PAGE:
Human noise in the ocean is becoming a major concern. From sonar on our submarines to cargo ship traffic and even oil drilling rigs, we are filling our oceans up with lots of unnatural noise. This noise is linked to altering the calling, foraging, and migration patterns for many species. In extreme situations, scientists also believe it is a reason there have been so many beached whales.
Here is a video that shows what some different noises in the oceans sound like, and how loud they really are.“Virginia Class Submarine” by Owly K Under U.S. Federal Government
EFFECTS OF SOUND ON WHALES
It seems that whales and dolphins are the marine animals that are most affected by the noisy oceans. Although natural noise in the ocean from wind, waves or other marine animals is a common occurrence, they are not nearly as intense as noise from humans. This more intense and frequent noise can be causing stress to whales and contributing to them beaching themselves. One scientist has said that he has seen whales abandon a location because of noise. These locations sometimes contain a food source necessary for the whales survival.
Sound waves from military submarine sonar systems can get as loud as 235 decibels. They are able to travel hundreds of miles and can maintain the intensity of 140 decibels as far as 300 miles from the source.
Cargo Ships create what is known as ambient noise. This is particularly concerning for low-frequency great whales. Right whales are endangered and it has been proven that noise from cargo ships constantly crossing the ocean is causing them stress.“Cargo Ship” by Peter Griffin Under Public Domain
Here is a video on the process of deep water oil rigging. It would be hard to believe that these rigs don’t make a ton of noise. It is understandable that hearing noise from these rigs constantly could cause stress to a whale or confuse it considering they rely heavily on acoustics for survival.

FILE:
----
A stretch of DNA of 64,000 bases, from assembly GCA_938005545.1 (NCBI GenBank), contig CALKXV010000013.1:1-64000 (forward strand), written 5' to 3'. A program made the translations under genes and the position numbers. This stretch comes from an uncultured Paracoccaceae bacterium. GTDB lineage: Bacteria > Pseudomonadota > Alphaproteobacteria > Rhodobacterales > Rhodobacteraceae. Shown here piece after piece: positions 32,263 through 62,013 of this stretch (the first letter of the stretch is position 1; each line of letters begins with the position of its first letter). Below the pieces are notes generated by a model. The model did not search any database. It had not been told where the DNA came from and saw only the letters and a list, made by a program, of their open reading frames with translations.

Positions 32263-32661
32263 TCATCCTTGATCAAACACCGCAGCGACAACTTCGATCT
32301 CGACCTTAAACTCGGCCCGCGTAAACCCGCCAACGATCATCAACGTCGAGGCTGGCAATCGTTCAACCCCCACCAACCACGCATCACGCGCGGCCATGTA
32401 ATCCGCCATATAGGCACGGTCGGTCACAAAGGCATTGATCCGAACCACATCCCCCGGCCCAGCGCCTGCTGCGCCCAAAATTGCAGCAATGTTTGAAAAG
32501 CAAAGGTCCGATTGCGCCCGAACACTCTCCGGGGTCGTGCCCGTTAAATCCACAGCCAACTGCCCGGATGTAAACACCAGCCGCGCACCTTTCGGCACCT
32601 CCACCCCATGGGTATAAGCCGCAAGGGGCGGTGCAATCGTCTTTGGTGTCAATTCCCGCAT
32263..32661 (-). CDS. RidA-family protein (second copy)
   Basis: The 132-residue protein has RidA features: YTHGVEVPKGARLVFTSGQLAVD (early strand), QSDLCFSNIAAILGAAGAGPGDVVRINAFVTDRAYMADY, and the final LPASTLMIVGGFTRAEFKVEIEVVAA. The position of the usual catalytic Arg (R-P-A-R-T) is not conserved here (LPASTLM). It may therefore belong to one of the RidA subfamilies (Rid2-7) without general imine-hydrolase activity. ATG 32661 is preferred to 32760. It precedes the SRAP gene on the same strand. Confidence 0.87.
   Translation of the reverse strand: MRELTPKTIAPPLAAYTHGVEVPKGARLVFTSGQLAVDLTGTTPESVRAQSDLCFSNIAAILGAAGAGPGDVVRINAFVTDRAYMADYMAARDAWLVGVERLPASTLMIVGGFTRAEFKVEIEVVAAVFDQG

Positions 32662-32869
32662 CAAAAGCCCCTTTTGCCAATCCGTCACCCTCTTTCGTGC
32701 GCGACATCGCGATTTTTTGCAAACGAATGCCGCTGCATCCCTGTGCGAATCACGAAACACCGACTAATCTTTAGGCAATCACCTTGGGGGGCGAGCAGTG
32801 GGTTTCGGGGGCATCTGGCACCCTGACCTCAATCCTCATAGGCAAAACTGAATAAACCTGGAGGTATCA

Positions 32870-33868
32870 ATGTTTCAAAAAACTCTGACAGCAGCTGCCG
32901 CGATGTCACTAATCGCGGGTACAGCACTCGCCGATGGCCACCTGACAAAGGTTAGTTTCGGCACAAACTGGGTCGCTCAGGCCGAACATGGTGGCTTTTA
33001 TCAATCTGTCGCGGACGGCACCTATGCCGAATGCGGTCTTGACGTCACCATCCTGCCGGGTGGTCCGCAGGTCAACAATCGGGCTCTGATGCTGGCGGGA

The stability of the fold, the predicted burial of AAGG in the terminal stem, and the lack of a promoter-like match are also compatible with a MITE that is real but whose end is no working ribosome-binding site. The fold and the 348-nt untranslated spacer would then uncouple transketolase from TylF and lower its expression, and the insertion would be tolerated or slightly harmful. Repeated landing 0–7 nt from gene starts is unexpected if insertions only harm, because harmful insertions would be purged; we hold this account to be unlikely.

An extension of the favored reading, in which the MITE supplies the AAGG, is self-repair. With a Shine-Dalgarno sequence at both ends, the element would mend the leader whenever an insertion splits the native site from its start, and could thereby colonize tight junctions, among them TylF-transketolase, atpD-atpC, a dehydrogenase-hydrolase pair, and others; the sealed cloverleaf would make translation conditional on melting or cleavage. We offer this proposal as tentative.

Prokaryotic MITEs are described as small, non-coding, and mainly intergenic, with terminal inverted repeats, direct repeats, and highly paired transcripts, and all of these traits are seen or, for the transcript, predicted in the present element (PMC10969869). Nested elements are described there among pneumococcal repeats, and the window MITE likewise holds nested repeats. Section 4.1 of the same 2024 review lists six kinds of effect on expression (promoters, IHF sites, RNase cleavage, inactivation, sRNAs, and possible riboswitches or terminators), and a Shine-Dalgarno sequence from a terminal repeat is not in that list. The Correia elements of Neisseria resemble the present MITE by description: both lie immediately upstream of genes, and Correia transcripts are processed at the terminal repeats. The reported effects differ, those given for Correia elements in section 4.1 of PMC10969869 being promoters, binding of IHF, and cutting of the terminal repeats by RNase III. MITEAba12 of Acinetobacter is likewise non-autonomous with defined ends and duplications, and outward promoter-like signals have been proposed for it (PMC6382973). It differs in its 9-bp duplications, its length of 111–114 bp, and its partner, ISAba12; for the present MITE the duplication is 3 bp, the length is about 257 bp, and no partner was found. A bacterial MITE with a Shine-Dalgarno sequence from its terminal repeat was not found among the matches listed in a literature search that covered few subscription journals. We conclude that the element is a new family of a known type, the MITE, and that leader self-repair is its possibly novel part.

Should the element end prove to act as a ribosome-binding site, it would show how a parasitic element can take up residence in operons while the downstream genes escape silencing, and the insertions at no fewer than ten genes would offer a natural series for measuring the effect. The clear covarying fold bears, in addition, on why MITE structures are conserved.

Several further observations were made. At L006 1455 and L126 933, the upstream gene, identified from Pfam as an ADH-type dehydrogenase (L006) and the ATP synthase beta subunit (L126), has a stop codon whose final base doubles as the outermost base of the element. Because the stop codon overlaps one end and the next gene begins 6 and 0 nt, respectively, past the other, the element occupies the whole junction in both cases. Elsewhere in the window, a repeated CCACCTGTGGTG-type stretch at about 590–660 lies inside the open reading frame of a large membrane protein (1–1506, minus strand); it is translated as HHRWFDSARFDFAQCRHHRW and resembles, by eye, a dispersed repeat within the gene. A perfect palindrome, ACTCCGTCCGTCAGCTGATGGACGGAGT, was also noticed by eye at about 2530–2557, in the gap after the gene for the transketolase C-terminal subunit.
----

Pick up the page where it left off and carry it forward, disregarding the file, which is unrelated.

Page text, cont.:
RECENT BEACHED WHALE STORIES
On February 10th, 2017, New Zealand had over 600 Pilot whales wash ashore. Volunteers were able to save about 80 of the whales, who went on to join a nearby pod. After they were saved, later that night the pod that they joined got stranded on Farewell Spit. Although the cause of these whales stranding and beaching themselves is unknown, one theory is underwater noise. The loud sound waves that humans create can panic the whales into surfacing too quickly or swimming into the shallows.
In May 2016, more than 20 whales beached themselves near San Felipe, Mexico. According to one statement, there were no signs of injuries noted on the whales, but they seemed disoriented. Since the whales had no signs of injury, it is very reasonable to believe that sonar and loud ocean noise drove them out of deep water towards the beach.
Less than a year after 330 whales washed ashore on Patagonian Inlet, 70 whales were found on a beach in southern Chile. Although they are not the same species, this is a terrible trend that is happening. The whales were smaller this time and they had been dead for about 2 months before they were found.
Information in this chapter is thanks to contributions from Alana Olendorf